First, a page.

BILL ANALYSIS                                                                                                                                                                                                    



          SENATE COMMITTEE ON APPROPRIATIONS
                             Senator Ricardo Lara, Chair
                            2015 - 2016  Regular  Session

          SB 1466 (Mitchell) - Early and Periodic Screening, Diagnosis,  
          and Treatment Program:  trauma screening
          
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          |Version: April 14, 2016         |Policy Vote: HEALTH 9 - 0,      |
          |                                |          HUMAN S. 5 - 0        |
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          |Urgency: No                     |Mandate: No                     |
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          |Hearing Date: May 27, 2016      |Consultant: Brendan McCarthy    |
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          Bill  
          Summary:  SB 1466 would require additional screening for trauma  
          in Medi-Cal eligible children. The bill would require Medi-Cal  
          eligible children who are found to have experienced trauma and  
          children who have been abused, neglected, or removed from the  
          home to be referred to county mental health plans for assessment  
          for specialty mental health services.


          *********** ANALYSIS ADDENDUM - SUSPENSE FILE ***********
             The following information is revised to reflect amendments 
                      adopted by the committee on May 27, 2016




          Fiscal  
          Impact:  
           Increased costs in the low millions per year for additional  
            screening provided to Medi-Cal eligible children (General Fund  
            and federal funds). Under current federal and state law,  







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            children enrolled in Medi-Cal are eligible for the Early and  
            Periodic Screening, Diagnosis, and Treatment (EPSDT) benefit.  
            This benefit covers screening for both physical and mental  
            health issues. By specifically requiring screening for trauma,  
            the bill is likely to increase the costs to provide screening  
            services due to additional time spent by providers with  
            eligible children. It is not clear to what extent children are  
            already being screened for trauma. It is likely that the  
            specific requirement in the bill will lead to increased focus  
            on trauma during screening. For example, if the cost to  
            provide trauma screening increased the overall cost of  
            screening under EPSDT by 5%, the cost would be about $2  
            million per year.

           Increased costs of $5 million to $10 million per year to  
            provide assessments for specialty mental health services by  
            county mental health plans (General Fund and federal funds).  
            The bill would require all children who have been removed from  
            the home to be assessed by a county mental health plan for  
            specialty mental health services. There are about 15,000 new  
            foster care placements per year in the stat. The cost to  
            provide an assessment for specialty mental health services is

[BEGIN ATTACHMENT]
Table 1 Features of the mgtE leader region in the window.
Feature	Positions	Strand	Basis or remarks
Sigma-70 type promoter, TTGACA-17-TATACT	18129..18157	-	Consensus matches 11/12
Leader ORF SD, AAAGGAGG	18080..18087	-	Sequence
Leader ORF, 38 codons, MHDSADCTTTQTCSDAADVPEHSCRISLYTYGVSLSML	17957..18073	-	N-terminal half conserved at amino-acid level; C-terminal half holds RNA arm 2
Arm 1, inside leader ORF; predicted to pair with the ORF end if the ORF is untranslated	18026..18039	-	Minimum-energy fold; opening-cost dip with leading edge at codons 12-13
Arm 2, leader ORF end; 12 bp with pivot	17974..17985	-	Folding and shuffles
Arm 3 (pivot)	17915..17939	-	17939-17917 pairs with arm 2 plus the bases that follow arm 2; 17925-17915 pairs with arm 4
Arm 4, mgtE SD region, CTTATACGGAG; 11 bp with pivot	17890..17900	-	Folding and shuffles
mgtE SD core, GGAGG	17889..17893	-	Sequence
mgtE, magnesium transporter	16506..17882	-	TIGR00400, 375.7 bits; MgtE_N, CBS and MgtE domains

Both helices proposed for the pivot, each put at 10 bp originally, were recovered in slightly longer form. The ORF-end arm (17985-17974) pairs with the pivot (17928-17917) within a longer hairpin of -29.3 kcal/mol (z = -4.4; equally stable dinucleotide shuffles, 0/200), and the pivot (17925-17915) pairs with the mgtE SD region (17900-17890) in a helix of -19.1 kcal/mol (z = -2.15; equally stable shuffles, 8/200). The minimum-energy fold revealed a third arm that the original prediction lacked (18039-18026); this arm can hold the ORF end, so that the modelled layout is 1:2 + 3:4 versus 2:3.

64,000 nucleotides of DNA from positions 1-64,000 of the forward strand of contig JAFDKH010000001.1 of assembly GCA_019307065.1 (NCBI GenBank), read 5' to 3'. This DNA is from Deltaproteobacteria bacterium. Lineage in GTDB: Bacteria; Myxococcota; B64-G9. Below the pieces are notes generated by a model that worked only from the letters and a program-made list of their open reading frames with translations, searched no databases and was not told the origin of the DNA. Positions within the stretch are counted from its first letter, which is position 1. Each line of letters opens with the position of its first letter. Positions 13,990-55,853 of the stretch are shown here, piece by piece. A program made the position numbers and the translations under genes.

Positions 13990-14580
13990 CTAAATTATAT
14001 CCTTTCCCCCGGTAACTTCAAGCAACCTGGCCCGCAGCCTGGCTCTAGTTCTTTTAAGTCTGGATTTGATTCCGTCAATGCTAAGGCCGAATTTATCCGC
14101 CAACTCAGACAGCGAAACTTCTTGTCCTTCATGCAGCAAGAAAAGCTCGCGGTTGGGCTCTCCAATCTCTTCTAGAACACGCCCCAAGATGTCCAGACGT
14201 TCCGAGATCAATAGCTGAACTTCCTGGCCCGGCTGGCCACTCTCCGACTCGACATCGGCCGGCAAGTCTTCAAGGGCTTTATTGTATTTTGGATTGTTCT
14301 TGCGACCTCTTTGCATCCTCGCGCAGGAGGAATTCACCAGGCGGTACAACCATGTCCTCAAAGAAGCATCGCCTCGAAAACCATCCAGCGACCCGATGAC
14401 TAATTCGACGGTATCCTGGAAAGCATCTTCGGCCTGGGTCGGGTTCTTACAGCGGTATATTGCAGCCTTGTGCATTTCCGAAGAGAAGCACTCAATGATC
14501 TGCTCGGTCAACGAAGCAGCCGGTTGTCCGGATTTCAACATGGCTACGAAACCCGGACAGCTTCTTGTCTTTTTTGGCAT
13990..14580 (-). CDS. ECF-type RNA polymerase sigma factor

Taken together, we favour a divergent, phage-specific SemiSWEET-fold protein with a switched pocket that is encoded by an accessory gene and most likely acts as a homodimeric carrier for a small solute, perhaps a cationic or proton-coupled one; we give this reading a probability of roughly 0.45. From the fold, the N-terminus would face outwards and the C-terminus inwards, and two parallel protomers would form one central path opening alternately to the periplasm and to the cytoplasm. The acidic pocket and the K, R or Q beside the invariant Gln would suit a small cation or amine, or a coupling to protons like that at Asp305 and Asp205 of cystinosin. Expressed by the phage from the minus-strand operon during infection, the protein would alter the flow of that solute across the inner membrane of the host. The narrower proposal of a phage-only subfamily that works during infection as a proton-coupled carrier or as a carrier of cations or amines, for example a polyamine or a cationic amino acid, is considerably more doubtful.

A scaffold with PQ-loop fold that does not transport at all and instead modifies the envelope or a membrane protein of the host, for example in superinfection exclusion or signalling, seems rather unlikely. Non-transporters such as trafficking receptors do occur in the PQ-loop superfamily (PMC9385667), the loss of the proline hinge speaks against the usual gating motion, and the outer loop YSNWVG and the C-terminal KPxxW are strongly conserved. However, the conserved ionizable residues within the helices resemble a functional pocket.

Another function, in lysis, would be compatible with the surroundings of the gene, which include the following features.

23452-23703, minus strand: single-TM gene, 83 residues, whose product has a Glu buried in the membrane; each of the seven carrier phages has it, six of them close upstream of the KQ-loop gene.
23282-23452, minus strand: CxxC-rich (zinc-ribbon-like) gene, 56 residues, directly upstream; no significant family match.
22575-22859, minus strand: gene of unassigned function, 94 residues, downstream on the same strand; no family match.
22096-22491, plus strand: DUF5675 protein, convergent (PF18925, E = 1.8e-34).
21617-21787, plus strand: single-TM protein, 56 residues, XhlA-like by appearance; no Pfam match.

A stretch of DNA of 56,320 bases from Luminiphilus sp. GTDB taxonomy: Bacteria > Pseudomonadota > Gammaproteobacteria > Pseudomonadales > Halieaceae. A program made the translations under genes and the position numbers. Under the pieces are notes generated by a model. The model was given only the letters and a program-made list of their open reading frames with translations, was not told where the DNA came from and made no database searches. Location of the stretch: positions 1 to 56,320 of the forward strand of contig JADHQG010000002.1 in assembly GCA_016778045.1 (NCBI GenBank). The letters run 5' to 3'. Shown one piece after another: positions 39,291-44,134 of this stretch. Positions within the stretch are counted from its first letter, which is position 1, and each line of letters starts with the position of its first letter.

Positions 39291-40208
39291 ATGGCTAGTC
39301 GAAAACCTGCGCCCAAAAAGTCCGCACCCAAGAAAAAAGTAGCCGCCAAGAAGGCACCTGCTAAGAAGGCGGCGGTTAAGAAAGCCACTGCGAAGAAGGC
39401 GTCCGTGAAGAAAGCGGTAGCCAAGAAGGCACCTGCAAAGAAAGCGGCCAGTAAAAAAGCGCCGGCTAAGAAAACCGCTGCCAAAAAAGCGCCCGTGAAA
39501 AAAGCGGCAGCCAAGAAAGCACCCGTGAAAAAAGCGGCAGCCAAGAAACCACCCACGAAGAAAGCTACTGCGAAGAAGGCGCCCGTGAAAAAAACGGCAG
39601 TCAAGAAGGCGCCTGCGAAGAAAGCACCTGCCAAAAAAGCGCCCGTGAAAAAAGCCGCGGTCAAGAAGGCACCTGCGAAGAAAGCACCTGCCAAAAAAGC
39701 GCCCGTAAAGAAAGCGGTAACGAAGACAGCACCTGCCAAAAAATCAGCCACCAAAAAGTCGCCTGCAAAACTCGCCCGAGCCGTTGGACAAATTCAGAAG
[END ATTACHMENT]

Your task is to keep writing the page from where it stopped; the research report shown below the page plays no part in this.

around $500. 

           Likely increase in specialty mental health services in the  
            hundreds of millions per year (General Fund and federal  
            funds). Under the bill, about 6.5 million children are likely  
            to get additional screening for trauma. Currently, there is a  
            very low rate of utilization of specialty mental health  
            services by Medi-Cal eligible children. It is likely that the  
            requirement for additional screening in the bill will result  
            in a significant number of children receiving being referred  
            for specialty mental health services who are not currently  
            receiving those services. Currently, 4.4% of children receive  
            specialty mental health services, at an average annual costs  
            of $6,000. If 5% of the children who are likely to be found to  
            have experienced trauma under the bill are subsequently found  
            to be eligible for specialty mental health services, the cost  
            would be about $500 million per year.

           Unknown potential future costs savings for Medi-Cal services  
            (General Fund, federal funds, local funds). Under the bill, it  
            is likely that a significant number of Medi-Cal children will  
            be determined to have experienced trauma and are in need of  








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            mental health services - over and above those who are  
            currently being identified. By identifying those children, it  
            is possible that early mental health interventions could  
            improve those children's long-term prognoses and reduce future  
            costs, such as psychiatric hospitalizations and other health  
            care costs associated with trauma (for example health care  
            services related to alcohol or substance abuse). The extent to  
            which those would occur is unknown.


          Committee  
          Amendments:  Delete the requirement that children found to have  
          experienced trauma through EPSDT screening shall be  
          automatically assessed for specialty mental health services and  
          limit automatic referral for specialty mental health screening  
          to children removed from the home.


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